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I'm comfortable with the idea of orderly shutdown on threads scheduled with an ExectuorService; that is to say, calling shutdown or shutdownNow will cause threads created on the pool to exit gracefully. If they respond to interrupt you can be sure finally etc will be called and you'll get a clean, predictable exit (where you can cleanup any resources etc).

However, if you've set your thread to be a daemon (via the executor's ThreadFactory) as below.

ExecutorService pool = Executors.newSingleThreadExecutor(new ThreadFactory() {
   public Thread newThread(Runnable runnable) {
      Thread thread = Executors.defaultThreadFactory().newThread(runnable);
      return thread;

after the main thread terminates, the VM will abruptly terminate any daemon threads. In the example above, a (daemon) thread scheduled and then abruptly terminated will bypass any finally blocks and any interruptable methods won't throw InterruptedException.

So, I tend to think that marking the threads used in a ThreadPoolExecutor's pool as daemon is bad practice... my question is really about helping me vocalise why.

Why is it bad practice (or not if you disagree) to use daemon threads in a ExecutorService's thread pool? In particular I'm interested in describing the life-cycle of the VM shutdown with graceful shutdown (threads that have an interruption policy and play nicely) vs daemon threads.

Expanding that last point, finalize on ThreadPoolExecutor will call shutdown on itself, but when it's using daemon threads, they could have terminated already if finalize was called by the VM. What's the behavior of the thread pool then? Can it be tricked into remaining alive (and so not exiting the VM) if underlying threads terminated abruptly?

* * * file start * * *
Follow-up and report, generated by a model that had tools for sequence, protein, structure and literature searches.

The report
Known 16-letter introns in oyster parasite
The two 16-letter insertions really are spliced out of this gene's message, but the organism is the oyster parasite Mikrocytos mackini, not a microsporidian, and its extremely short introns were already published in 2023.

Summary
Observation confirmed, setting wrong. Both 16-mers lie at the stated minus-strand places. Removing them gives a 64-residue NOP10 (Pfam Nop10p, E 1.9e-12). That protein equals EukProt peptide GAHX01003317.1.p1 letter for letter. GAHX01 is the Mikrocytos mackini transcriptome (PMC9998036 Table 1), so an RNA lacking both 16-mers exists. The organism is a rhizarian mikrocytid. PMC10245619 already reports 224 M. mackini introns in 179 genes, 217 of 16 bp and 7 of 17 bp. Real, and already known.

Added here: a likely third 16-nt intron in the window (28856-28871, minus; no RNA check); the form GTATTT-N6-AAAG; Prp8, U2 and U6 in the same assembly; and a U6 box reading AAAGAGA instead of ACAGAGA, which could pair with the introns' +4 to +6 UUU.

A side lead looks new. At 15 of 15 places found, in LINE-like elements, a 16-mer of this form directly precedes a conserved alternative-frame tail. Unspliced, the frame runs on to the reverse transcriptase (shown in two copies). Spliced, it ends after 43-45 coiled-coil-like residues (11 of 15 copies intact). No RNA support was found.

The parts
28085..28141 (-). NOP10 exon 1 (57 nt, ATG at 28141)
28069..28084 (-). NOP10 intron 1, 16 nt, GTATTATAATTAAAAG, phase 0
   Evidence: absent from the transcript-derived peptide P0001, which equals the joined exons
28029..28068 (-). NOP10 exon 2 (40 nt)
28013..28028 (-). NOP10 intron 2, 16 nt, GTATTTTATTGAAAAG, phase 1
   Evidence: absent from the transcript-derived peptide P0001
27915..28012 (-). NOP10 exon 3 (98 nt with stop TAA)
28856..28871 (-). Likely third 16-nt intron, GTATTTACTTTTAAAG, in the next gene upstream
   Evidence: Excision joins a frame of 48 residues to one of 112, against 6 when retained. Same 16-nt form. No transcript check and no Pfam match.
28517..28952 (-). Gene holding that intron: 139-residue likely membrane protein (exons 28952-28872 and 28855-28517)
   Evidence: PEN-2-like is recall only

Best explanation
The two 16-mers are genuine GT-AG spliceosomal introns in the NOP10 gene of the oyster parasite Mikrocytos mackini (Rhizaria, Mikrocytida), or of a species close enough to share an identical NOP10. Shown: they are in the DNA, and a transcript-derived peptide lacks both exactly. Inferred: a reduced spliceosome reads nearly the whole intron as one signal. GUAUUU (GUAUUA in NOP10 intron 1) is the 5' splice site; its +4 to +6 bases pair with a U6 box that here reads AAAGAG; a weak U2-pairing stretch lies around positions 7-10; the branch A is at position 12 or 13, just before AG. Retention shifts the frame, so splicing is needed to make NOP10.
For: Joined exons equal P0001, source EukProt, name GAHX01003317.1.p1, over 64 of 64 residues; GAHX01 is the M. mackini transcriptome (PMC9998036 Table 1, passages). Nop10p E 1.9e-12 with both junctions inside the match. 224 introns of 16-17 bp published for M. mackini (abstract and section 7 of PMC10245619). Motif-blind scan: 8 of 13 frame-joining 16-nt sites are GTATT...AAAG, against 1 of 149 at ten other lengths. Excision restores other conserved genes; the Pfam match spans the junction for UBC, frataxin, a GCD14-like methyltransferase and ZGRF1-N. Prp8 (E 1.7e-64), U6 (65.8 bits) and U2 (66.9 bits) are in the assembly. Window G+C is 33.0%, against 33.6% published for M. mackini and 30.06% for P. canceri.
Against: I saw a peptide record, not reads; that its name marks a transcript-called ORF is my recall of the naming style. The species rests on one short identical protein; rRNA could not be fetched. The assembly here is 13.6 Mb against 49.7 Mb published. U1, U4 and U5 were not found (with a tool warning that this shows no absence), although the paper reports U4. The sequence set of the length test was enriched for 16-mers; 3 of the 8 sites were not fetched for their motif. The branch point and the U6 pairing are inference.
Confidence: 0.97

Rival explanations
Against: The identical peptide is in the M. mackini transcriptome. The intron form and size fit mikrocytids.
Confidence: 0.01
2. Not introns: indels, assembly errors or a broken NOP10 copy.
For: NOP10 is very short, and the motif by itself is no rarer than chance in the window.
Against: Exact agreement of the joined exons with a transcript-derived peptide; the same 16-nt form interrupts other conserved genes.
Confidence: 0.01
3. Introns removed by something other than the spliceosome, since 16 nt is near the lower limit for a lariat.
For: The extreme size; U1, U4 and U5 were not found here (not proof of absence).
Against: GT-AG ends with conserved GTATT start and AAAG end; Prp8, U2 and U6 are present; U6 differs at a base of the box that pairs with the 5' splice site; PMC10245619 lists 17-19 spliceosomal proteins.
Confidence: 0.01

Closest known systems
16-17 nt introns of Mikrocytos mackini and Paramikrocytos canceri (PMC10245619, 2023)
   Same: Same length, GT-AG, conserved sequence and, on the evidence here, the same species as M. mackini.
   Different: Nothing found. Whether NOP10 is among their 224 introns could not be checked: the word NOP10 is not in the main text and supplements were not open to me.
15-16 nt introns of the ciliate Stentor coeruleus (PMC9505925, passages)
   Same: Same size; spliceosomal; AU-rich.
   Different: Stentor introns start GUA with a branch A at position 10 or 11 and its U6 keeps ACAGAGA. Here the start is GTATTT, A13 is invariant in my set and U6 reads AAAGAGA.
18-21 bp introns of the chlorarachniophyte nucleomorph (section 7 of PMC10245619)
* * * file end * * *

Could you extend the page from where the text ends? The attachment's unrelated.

Part of the reason I'm asking is because i've seen it used to bypass the need to shutdown the actual ExectorService. Can you think of scenarios where bypassing its shutdown life-cycle can have ill affect? So far, the only reason I can come up with for using daemons is to take a short cut and I want to appreciate any unexpected side affects it could cause.

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up vote 11 down vote accepted

is it bad practice to use daemon threads in a ExecutorService's thread pool?

If the tasks sent to that particular ExecutorService are ok to be terminated abruptly, then why not, that's what daemon threads do. But generally, there are not many tasks that are ok to be terminated with no shutdown ceremonies at all, so you must know what you're doing if you opt to daemon threads.

finalize() is called when an object is about to be garbage collected. There are no guarantees on when, if ever, any particular object will be GCd, and ThreadPoolExecutor is no exception, so its finalize() may or may not be called. The behavior depends on the particular JRE implementation, and even with the same implementation, may vary from time to time.

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surely, setting the thread pool itself to always use daemon threads constrains its usage? You'd be saying that any threads that get scheduled will have to be aware and ok with it... so if its for framework code, it's potentially limiting. – Toby Aug 23 '11 at 9:24